As the world recovered after the war, these chemicals were viewed as key to helping to prevent human disease and rapidly increase farm yields due to their acute toxicity to pest species and they were produced on a massive scale and sprayed anywhere it was deemed needed. Crucially, at that time, little study had been invested into the potential downsides to using these pesticides. The immediate effects were considered highly efficacious and, as more chemicals were discovered and launched as products, powerful lobbying groups arose to assert for even broader use.

But some people began to question the wisdom of indiscriminate application of poorly vetted pesticides, and these concerns were curated and given voice by Silent Spring. The book masterfully portrays the problematic nature of the widespread use of chemicals that are indiscriminate in their toxicity, affecting not only the target species, but also many others including humans, and which have a tendency to not only linger in the environment, but increase in concentrations as they move up food chains.

Silent Spring became a rallying cry for a hitherto largely disparate group of concerned people to coalesce around and is credited by many as being the fulcrum that leveraged the dawn of the modern environmental movement and even as helping pave the way for the creation of the U.S. Environmental Protection Agency some eight years after it was published.

It’s important to note that Carson never argued for the outright banning of organic chemical pesticides, despite having eloquently outlined their many drawbacks and dangers. Instead, she advocated for the adoption of methods of pest control that include a comprehensive suite of management tools in which these most deadly of chemicals would only be used as an absolute last resort.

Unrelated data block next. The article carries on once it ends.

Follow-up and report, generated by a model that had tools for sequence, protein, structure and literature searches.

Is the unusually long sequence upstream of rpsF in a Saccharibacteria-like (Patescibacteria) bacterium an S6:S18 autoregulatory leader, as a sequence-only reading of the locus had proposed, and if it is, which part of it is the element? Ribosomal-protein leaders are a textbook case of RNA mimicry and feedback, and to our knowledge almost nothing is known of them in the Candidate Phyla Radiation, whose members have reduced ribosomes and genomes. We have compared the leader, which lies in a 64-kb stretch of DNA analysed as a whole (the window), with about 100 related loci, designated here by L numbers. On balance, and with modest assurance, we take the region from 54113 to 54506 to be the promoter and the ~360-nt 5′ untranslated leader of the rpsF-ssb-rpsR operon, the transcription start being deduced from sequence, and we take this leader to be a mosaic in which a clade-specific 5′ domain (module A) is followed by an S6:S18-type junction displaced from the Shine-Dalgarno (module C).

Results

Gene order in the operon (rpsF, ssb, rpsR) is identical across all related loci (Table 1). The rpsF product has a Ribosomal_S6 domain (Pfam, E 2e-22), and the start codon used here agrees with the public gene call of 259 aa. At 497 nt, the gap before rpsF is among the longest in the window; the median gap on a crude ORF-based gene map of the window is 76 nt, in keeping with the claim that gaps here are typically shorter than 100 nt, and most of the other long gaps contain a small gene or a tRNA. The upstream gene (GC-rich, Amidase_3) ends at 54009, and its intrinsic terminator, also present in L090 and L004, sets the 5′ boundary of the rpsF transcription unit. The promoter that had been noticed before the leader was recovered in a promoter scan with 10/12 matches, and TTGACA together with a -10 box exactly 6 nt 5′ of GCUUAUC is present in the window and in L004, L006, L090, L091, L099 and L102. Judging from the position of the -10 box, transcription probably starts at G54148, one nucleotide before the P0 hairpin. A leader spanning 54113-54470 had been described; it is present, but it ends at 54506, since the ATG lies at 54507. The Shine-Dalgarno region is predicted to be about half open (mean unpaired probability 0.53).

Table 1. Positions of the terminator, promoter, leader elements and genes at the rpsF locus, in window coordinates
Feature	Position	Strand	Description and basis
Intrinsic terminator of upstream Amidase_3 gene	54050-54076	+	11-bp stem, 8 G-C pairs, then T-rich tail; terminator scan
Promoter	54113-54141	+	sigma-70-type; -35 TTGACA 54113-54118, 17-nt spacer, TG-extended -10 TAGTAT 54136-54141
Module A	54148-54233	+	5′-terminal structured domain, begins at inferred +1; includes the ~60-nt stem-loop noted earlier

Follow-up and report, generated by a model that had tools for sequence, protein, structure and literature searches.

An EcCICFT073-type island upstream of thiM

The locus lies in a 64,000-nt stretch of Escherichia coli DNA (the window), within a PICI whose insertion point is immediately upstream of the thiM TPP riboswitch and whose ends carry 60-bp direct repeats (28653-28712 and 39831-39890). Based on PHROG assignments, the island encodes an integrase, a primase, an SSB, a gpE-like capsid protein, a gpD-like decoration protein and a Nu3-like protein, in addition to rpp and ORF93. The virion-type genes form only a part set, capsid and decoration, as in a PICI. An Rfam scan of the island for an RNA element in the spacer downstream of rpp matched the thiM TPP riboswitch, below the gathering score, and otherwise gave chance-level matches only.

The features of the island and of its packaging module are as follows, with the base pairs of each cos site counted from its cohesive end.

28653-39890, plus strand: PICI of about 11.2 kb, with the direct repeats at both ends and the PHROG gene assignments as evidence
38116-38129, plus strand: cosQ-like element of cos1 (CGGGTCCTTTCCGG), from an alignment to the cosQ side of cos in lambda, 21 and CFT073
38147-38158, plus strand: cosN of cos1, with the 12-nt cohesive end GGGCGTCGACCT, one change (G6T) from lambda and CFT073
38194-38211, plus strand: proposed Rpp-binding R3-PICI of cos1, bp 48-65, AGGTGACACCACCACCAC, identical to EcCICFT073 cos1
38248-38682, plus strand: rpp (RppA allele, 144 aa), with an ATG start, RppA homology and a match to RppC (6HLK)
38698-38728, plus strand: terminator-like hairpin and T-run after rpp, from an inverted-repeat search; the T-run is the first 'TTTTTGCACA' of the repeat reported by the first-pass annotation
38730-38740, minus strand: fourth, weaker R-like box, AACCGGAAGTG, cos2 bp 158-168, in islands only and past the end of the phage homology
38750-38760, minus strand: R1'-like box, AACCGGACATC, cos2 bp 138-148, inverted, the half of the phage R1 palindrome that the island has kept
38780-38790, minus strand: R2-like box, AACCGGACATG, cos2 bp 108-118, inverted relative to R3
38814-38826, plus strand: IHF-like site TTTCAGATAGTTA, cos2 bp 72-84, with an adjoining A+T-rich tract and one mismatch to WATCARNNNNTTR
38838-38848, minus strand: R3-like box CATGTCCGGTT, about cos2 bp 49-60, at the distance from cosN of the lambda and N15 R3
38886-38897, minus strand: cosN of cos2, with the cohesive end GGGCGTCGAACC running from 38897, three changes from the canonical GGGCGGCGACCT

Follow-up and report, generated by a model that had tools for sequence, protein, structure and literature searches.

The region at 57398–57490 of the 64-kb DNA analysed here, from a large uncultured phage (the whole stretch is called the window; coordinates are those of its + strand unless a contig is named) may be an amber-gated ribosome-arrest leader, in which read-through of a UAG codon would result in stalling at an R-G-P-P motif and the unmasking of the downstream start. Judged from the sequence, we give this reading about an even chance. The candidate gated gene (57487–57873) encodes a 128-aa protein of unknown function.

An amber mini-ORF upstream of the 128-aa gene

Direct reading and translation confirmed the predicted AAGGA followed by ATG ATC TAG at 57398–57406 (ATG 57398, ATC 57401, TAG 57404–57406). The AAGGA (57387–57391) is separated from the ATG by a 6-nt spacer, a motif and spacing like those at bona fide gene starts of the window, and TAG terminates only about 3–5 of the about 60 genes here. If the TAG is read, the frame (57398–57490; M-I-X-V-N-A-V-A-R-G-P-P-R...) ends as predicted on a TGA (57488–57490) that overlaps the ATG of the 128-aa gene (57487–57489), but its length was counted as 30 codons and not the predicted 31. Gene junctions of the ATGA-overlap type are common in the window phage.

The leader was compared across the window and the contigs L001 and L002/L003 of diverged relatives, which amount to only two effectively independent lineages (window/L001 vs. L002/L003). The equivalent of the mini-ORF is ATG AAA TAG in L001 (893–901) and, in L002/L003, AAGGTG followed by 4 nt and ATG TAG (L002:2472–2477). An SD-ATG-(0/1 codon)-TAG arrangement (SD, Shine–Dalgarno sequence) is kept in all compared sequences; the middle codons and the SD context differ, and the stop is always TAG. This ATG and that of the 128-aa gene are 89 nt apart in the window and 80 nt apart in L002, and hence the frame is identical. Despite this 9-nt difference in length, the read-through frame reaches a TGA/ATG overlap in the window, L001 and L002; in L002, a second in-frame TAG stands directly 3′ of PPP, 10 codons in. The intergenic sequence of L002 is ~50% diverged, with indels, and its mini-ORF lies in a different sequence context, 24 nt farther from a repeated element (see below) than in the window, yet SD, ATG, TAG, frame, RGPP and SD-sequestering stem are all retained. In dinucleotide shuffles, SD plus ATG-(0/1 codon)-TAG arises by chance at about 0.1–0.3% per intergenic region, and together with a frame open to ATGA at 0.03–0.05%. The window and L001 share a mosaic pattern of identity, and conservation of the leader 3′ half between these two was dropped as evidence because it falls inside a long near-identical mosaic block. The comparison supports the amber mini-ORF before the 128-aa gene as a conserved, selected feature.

This is something we now call Integrated Pest Management (‘IPM”) – it’s one of the cornerstones of operating a truly green building, and something we’ve implemented at Hung Kuo Building which we’ll discuss in more detail in our next article. It’s why we’re remembering Rachel Carson in this post, because without her work, it’s entirely possible, we wouldn’t have an IPM program.

If you haven’t read Silent Spring, perhaps think about adding to your reading list – it’s available in English and Chinese. You could be forgiven for thinking that there’s not much point reading a sixty-year-old book in what we would now call the “Popular Science” genre, because it will mostly be out of date. The great tragedy about Silent Spring, however, is that despite all its successes, which include leading to the banning of some of the most toxic pesticides, it hasn’t changed the fundamental approach to modern pest-management applied by most governments and organizations. When considering current controversies, such as the decimation of global bee populations linked to neonicotinoid pesticides(1), the message of Silent Spring remains as relevant today as it was in 1962, and there is no better primer on this vital subject.